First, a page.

FIG. 5 is an enlarged plan view of the polishing pad of FIG. 4 showing a central portion of the pad.

FIG. 6 is a plan view of another alternative polishing pad made in accordance with the present invention.

FIG. 7 is an enlarged plan view of the polishing pad of FIG. 6 showing a central portion of the pad.

FIG. 8 is a plan view of yet another alternative polishing pad made in accordance with the present invention.

FIG. 9 is an enlarged plan view of the polishing pad of FIG. 8 showing a central portion of the pad.

FIG. 10 is a schematic diagram of a polishing system in accordance with the present invention.

DETAILED DESCRIPTION OF THE INVENTION

Referring to the drawings, FIGS. 1-3 illustrate a polishing pad 100 made in accordance with the present invention that, as described below in more detail, may be used with a CMP polishing machine. As seen in FIG. 2, polishing pad 100 includes a polishing layer 104 having a polishing surface 108. Polishing layer 104 may be supported by a backing layer 112, which may be formed integrally with the polishing layer or may be formed separately from the polishing layer. Polishing layer 104 may be made out of any material suitable for polishing the article being polished, such as a semiconductor wafer 114 (shown), magnetic media article, e.g., a disk of a computer hard drive or an optic, e.g., a refractive lens, reflective lens, planar reflector or transparent planar article, among others. Examples of materials for polishing layer 104 include, for the sake of illustration and not limitation, various polymer plastics, such as a polyurethane, polybutadiene, polycarbonate and polymethylacrylate, among many others.

As seen in FIG. 1, polishing pad 100 typically has a circular disk shape so that polishing surface 108 has a concentric center 116 and a circular outer periphery 120. During use, the article being polished (here, a wafer as indicated by outline 114), which is typically, but not necessarily a semiconductor wafer, sweeps out a circular polishing (wafer) track 124 on polishing surface 108. Polishing track 124 is that portion of polishing surface confronted by the polished article during polishing. Polishing track 124 is generally defined by an inner boundary 124A and an outer boundary 124B. As those skilled in the art will readily appreciate, inner and outer boundaries 124A-B of wafer track 124 are largely circular, but may be considered to be undulated in the case of a polisher that imparts an orbital or oscillatory motion to the polished article and/or polishing pad 100.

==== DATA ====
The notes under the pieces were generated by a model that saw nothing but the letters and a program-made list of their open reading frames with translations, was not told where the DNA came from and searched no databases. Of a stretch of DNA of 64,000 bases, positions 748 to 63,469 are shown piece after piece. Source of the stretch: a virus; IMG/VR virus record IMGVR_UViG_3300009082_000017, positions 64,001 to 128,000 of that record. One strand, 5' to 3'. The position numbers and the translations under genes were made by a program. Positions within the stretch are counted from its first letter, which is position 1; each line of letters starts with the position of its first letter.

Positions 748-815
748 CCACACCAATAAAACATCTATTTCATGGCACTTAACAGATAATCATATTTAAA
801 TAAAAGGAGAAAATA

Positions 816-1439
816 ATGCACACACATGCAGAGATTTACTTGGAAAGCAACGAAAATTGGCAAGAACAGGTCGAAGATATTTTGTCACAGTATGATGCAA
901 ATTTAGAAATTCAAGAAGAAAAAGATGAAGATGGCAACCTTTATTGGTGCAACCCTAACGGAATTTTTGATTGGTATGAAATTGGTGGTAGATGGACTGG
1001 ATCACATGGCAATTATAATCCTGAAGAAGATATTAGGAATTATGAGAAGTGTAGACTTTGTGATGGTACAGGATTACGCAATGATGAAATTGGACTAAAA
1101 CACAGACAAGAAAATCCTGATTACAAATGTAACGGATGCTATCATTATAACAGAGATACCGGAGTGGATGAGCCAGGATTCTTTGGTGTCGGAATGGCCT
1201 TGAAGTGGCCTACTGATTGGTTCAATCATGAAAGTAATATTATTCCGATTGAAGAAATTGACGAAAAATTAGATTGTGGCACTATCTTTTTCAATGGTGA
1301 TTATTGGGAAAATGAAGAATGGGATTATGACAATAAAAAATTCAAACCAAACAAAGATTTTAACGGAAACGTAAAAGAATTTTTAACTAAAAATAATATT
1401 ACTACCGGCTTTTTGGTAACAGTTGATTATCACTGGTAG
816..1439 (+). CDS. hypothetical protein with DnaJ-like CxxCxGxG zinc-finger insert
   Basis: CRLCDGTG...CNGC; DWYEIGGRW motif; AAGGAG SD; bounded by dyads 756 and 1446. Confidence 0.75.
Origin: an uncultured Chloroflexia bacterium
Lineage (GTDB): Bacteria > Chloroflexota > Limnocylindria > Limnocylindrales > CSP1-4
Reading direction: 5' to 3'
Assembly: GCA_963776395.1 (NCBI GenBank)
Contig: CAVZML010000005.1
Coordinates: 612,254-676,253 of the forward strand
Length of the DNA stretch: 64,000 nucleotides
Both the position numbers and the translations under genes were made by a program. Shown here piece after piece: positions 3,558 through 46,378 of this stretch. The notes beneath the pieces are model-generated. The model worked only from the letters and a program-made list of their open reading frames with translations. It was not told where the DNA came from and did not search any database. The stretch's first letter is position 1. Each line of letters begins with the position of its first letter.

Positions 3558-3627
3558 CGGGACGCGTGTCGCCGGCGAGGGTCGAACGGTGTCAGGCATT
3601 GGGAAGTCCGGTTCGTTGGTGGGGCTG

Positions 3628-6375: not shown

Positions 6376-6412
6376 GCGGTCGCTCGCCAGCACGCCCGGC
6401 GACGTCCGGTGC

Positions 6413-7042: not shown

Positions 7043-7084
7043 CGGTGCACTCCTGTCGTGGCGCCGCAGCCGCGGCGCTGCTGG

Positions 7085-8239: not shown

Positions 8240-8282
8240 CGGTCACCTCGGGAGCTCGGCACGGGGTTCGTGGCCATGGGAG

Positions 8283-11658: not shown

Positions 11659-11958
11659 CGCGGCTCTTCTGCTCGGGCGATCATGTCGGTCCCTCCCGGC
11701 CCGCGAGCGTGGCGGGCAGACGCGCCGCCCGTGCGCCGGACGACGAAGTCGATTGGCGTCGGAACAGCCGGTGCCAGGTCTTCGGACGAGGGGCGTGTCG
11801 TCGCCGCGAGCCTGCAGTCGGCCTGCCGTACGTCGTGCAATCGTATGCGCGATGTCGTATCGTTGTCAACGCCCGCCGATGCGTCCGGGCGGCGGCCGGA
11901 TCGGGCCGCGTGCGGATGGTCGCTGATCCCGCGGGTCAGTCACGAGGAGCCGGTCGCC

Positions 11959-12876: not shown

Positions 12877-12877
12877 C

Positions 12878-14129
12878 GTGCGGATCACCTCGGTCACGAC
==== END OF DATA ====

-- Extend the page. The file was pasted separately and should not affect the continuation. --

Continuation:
Referring to FIGS. 1-3, polishing pad 100 includes a plurality of grooves 128 formed in polishing layer 104 so as to define a groove pattern 132. Each groove 128 may have virtually any cross-sectional shape and cross-sectional size desired to suit a particular set of design criteria. Thus, the rectangular cross-sectional shape of grooves 128, as particularly illustrated in FIG. 2, and the relative cross-sectional size shown are merely illustrative. Those skilled in the art will understand the wide range of shapes and sizes of grooves 128 that a designer may provide to a polishing pad of the present invention, such as pad 100. Those skilled in the art will also readily understand that the cross-sectional shapes and sizes of grooves 128 may vary either along the length of each groove or from groove to groove, or both.

Each groove 128 extends through polishing track 124, crossing both inner boundary 124A and outer boundary 124B. In the embodiment shown, each groove 128 extends from a point proximate concentric center 116 all the way to outer periphery 120 of polishing surface 108. Of course, those skilled in the art will appreciate that the extent of grooves 128 relative to concentric center 116 and outer periphery 120 shown is merely exemplary and non-limiting. For example, some or all of grooves 128 may extend all the way to concentric center 116 and some or all of the grooves may end short of outer periphery 120, as the particular design may accommodate.